“But I will tell you one thing that will not change as a business model: you as the business owner need to own the data asset. And the reason why I say this, is because business after business, if you don’t own or create a data asset for yourself just like MO4 Network; the reason why they have media properties, is not because they want distribution of content, it’s because they’re collecting data on usage. That’s an asset that has a value to it. So, at the core, you have to say, I’ll not create X Y Z platform because it’s a trend. You have to say what is my core operating principle as a business in collecting data and having a data asset around your users is probably your biggest competitive advantage whether you’re a large bank or whether you’re a startup. So that’s my first lesson. I created a platform with AOL on a formatted site and being a platform is not what sold the company; what sold the company was the data that that platform created. “
So why is IBM here?
IBM is an open community and there the support to the developers and data scientist has scaled. “My interest is very clear. my interest is that our big entreprise clients are going to be influenced by the work that Egyptian entrepreneurs do. So, if you’re a fintech startup here in the community and you end up getting bought by Vent; which would be a really nice exit wouldn’t it?” he jokes. “I want you to be on the IBM cloud, and by the way I would want you to be using IBM Watson.So, I want you to realise that the power of IBM seated in an entrepreneurial environment, receded in your mind as a developer.”
What excites Lord about the Egyptian ecosystem is the energy and excitement on both public and private spectrums. "We met with some government officials yesterday and then we met with some businesses," he says. "If you can get in a community like this, you have a better success rate with your startup than if you’re not part of a community like this. Because I fundamentally believe in my career, that it wasn’t about any startup idea that I had or the business that I took over. It was about the network I created throughout that ecosystem."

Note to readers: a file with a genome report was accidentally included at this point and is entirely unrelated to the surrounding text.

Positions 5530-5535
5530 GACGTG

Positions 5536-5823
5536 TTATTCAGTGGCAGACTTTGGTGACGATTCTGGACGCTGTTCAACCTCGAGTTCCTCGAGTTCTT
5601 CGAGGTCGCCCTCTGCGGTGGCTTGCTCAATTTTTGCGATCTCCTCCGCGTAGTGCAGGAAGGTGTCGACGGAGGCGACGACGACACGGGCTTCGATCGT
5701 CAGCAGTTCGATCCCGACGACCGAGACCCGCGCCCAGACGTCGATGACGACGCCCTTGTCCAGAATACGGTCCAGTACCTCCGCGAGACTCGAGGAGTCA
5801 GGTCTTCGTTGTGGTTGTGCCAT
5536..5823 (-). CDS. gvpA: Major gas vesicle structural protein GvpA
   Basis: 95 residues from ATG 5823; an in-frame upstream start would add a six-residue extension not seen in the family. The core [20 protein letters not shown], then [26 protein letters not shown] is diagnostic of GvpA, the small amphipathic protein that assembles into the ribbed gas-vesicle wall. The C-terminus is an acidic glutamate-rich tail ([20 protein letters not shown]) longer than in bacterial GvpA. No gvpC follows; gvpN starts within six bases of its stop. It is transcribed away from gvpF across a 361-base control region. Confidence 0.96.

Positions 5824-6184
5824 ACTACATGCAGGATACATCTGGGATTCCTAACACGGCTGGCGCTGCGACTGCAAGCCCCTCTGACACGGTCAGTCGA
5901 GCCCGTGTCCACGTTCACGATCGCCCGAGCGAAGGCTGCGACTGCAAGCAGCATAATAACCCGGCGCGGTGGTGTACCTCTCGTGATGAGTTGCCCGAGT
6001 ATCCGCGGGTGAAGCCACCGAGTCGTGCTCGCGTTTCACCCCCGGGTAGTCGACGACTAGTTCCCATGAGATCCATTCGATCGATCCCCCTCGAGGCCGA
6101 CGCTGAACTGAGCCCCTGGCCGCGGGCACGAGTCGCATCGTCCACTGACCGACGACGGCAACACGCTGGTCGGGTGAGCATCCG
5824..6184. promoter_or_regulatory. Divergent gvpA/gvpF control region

The CDO praised the Greek Campus for being able to attract startups like Uber, Udacity, and PayMob. "I mean these are fundamentally great businesses, not that you’ll compete against them, but to learn how they approached when they thought about this business idea; who their customer was; why they went that direction; why start up Uber Eats when you’ve been delivering food in Cairo for generations on the phone; what does Uber eats do and how does it actually compete? Having those conversations in the community will help you build your business bigger and better than anything you thought of," he concludes; adding that by just creating a learning environment, to continually be part of a learning environment, entrepreneurs are more likely to be successful than squirreling away in someone’s garage which is often a theory of how an entrepreneur ideally starts up.
Photography courtesy of #MO4Productions
Photographer: Ashraf Hamdy